TORONTO - It was one of the most difficult chats Peter Chiarelli has ever had with a player.
It was Feb. 11, and Chiarelli had just dealt highly-touted prospect Joe Colborne to the Maple Leafs along with a first-round and a conditional second-round draft pick in exchange for veteran defenceman Tomas Kaberle.
During his tenure as general manager of the Boston Bruins, Chiarelli had informed plenty of players they were moving on. Distasteful or not, it goes hand-in-hand with the job.
But this time, it was more emotional than most.
“When I told him he was traded, well, that was a tough one,” Chiarelli said during a phone interview from Boston on Monday. “He’s such a good kid, such a hard worker.”
Almost 10 months later, Chiarelli likely will have the chance to get a first-hand look at just how much that “good kid” has developed when the Bruins face Colborne’s Maple Leafs at the Air Canada Centre.
If he plays, it will be Colborne’s first opportunity to face the team that traded him.
With Mikhail Grabovski having returned to the lineup on Sunday in Anaheim and David Steckel slated to do the same against the Bruins on Wednesday, coach Ron Wilson could have a few difficult decisions ahead when it comes to his cache of available forwards. At the same time, with Colborne having racked up four points in five games alongside Joey Crabb and Matt Frattin, well, why break up a good thing?
From his six-week run among the scoring leaders in the American Hockey League to his impressive albeit brief stint with the Leafs thus far, Colborne’s rapid emergence may have caught some observers off-guard.
But for the man who drafted him 16th overall in the 2008 entry draft for the Bruins, he always expected the gangly kid from Calgary to perform like this.
“I’m not surprised at all,” Chiarelli said, referring to Colborne. “He is a first-round talent who was constantly working toward his dream of the NHL.
“It was tough to let him go, believe me. But we saw a puck-moving defenceman in Kaberle who we felt was a key piece to our title aspirations. In our case, we won the (Stanley) Cup after making the trade, so I guess it was worth it,”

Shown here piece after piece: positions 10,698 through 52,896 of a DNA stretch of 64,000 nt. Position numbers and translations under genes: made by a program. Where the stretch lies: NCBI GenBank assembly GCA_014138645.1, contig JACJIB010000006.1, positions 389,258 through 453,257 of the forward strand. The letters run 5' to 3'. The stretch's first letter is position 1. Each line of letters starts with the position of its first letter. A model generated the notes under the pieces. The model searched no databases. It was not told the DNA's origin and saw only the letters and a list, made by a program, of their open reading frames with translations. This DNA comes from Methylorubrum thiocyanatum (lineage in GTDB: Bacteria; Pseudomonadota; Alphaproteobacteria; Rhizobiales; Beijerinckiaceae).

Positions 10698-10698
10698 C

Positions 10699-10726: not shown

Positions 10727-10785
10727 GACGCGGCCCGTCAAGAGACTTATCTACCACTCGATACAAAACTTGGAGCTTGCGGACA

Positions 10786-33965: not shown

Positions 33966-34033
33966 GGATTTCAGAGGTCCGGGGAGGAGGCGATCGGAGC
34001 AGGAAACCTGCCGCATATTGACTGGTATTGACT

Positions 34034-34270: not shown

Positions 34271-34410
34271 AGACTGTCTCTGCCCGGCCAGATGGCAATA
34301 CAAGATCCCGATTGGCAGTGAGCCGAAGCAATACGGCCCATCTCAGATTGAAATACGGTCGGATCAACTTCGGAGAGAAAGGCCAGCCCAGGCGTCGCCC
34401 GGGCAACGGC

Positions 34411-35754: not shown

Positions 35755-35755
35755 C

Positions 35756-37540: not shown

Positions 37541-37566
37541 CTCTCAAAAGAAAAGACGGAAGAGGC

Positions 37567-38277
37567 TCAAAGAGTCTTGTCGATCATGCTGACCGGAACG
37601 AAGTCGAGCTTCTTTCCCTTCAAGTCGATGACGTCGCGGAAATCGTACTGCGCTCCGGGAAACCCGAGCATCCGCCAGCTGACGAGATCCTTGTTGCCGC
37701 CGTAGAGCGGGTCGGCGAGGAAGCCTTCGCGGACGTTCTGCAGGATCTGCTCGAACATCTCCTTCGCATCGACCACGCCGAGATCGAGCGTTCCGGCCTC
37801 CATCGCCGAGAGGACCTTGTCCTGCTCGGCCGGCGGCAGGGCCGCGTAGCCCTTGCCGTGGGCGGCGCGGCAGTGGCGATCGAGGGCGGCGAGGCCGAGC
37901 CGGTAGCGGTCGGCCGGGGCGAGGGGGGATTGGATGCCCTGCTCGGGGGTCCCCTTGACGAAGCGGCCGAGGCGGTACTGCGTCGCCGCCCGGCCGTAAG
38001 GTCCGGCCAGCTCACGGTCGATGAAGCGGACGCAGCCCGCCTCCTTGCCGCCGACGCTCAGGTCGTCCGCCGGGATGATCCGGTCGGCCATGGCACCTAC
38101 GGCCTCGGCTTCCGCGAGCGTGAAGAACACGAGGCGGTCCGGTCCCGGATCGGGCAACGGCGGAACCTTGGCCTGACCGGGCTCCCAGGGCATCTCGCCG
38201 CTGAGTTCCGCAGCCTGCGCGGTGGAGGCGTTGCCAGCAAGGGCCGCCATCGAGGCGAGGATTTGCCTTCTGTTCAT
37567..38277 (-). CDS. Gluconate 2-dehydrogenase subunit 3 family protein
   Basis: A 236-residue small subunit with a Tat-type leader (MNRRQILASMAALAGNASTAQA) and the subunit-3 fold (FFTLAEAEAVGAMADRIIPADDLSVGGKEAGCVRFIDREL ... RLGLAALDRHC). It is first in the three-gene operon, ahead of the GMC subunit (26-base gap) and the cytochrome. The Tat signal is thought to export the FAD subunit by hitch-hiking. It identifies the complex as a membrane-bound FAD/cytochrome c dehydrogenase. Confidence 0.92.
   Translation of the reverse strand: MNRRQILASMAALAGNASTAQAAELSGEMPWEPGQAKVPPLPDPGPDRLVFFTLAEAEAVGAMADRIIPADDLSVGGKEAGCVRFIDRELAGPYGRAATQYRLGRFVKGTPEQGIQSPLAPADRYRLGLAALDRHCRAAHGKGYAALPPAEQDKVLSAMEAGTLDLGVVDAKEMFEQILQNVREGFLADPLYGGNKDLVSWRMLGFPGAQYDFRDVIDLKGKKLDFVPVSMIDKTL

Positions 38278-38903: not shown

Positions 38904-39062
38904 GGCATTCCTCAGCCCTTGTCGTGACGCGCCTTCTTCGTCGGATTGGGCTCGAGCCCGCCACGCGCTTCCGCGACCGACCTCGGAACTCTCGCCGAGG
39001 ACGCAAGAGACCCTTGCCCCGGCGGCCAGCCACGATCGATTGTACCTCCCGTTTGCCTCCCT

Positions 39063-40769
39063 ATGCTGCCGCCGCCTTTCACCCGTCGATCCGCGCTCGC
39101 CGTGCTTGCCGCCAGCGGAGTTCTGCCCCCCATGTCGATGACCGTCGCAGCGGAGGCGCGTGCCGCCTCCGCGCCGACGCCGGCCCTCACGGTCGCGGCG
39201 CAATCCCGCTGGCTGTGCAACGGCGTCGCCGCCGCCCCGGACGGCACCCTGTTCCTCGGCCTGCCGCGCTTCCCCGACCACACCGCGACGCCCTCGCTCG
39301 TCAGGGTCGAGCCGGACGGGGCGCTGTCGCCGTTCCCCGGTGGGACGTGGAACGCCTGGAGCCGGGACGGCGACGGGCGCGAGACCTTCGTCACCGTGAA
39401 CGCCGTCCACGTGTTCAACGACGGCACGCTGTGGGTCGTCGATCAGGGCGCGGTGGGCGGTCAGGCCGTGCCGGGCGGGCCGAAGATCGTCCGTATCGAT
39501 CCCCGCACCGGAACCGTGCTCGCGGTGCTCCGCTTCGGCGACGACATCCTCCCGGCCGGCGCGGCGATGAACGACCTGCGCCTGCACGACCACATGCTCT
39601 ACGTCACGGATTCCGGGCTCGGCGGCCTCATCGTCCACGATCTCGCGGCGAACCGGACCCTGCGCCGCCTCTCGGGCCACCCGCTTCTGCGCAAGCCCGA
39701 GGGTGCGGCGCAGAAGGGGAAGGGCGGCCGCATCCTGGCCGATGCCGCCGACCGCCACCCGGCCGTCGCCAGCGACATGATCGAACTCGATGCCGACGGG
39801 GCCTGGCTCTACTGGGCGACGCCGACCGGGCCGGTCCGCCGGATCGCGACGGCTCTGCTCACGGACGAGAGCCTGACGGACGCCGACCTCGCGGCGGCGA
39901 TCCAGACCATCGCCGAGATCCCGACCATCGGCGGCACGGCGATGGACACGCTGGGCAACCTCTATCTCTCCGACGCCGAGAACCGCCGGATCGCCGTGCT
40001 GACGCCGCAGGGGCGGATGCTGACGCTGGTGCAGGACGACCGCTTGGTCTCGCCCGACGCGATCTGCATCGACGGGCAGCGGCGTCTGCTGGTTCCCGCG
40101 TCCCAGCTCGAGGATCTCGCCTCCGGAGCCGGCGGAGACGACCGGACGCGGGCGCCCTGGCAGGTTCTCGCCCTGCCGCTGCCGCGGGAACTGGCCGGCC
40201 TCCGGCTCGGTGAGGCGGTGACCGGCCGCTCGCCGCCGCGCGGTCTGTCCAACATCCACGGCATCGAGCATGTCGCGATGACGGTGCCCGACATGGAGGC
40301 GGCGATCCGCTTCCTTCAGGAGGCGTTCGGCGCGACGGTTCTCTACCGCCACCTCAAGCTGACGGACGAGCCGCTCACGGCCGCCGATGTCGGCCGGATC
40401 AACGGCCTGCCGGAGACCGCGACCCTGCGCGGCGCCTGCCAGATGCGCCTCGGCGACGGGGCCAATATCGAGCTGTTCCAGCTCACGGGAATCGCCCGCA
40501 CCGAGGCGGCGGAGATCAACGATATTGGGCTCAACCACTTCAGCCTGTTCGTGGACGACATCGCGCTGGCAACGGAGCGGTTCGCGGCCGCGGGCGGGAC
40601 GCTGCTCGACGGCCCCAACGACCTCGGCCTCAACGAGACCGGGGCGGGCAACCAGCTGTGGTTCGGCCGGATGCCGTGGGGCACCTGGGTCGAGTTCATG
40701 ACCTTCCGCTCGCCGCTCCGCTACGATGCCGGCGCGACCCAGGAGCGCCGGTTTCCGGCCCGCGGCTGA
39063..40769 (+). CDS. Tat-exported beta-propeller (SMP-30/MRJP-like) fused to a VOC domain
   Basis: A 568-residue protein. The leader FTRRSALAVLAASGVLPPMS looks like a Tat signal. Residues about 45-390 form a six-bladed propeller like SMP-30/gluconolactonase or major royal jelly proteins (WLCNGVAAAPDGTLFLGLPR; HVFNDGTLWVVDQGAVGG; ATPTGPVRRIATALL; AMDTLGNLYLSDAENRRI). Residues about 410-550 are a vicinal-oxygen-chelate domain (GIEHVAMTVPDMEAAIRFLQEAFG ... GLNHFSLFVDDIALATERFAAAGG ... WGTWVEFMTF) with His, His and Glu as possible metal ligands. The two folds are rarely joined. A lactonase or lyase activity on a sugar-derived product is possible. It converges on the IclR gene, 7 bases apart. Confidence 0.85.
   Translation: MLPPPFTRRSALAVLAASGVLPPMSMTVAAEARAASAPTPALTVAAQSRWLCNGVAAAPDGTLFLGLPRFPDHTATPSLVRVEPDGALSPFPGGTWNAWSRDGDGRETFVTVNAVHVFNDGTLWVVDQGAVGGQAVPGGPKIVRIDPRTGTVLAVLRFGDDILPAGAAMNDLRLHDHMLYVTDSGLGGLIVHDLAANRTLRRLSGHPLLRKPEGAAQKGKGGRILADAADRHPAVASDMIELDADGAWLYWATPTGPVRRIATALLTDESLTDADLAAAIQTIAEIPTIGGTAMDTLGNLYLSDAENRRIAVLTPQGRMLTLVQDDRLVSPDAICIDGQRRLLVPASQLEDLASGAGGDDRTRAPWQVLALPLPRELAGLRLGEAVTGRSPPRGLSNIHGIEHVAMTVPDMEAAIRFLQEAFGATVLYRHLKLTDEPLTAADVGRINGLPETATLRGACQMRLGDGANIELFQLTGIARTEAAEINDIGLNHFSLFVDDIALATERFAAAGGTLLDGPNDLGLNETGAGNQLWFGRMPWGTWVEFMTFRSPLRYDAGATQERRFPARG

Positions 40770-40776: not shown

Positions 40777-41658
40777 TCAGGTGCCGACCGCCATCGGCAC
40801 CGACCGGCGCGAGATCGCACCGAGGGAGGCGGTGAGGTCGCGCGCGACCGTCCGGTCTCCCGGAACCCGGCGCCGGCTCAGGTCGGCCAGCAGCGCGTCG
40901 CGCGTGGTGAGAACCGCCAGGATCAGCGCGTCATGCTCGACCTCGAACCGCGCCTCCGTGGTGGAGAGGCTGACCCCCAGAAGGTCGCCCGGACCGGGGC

If anyone knows the potential Colborne has, it’s Chiarelli.
Back in 2008, Chiarelli sat in a chilly rink in Cornwall watching Colborne compete in the Centennial Cup for the Camrose Kodiaks, a team with which he collected 90 points in 55 games. The Bruins GM was so impressed by Colborne, the 2008 RBC Canadian Junior A Hockey League Player of the Year, he drafted him a short time later.
Early on there were some rocky times with AHL Providence, the Bruins top farm team. Behind the scenes, however, the organization was constantly working to make him better.
“We stressed a couple of things he needed to work on,” Chiarelli said. “Obviously, the first was his skating. But we also spent a lot of time working with him on how to protect the puck and shield opponents with his big body.”
Indeed, in his brief stint as Colborne’s coach with the Marlies, Dallas Eakins quickly learned what Peter Chiarelli already knew: that Joe Colborne had a gnawing desire to one day realize his full potential.
“He’s made huge improvements,” Eakins said. “I think his skating has improved with his strength. And we stressed how effective he can be down low and on the half boards with that big (6-foot-5) body. He could really kill with his passing, kill with his strength.
“The thing is, he wants it bad. He’s always working on his game, watching video, working out, you name it.”
When Colborne was called up to the Leafs, Eakins gave Wilson the heads-up about how well he and Crabb played together with the Marlies. Wilson reunited them with the Leafs, a familiar combination that has allowed Colborne to flourish early on in his NHL career.
Just like Peter Chiarelli figured he might.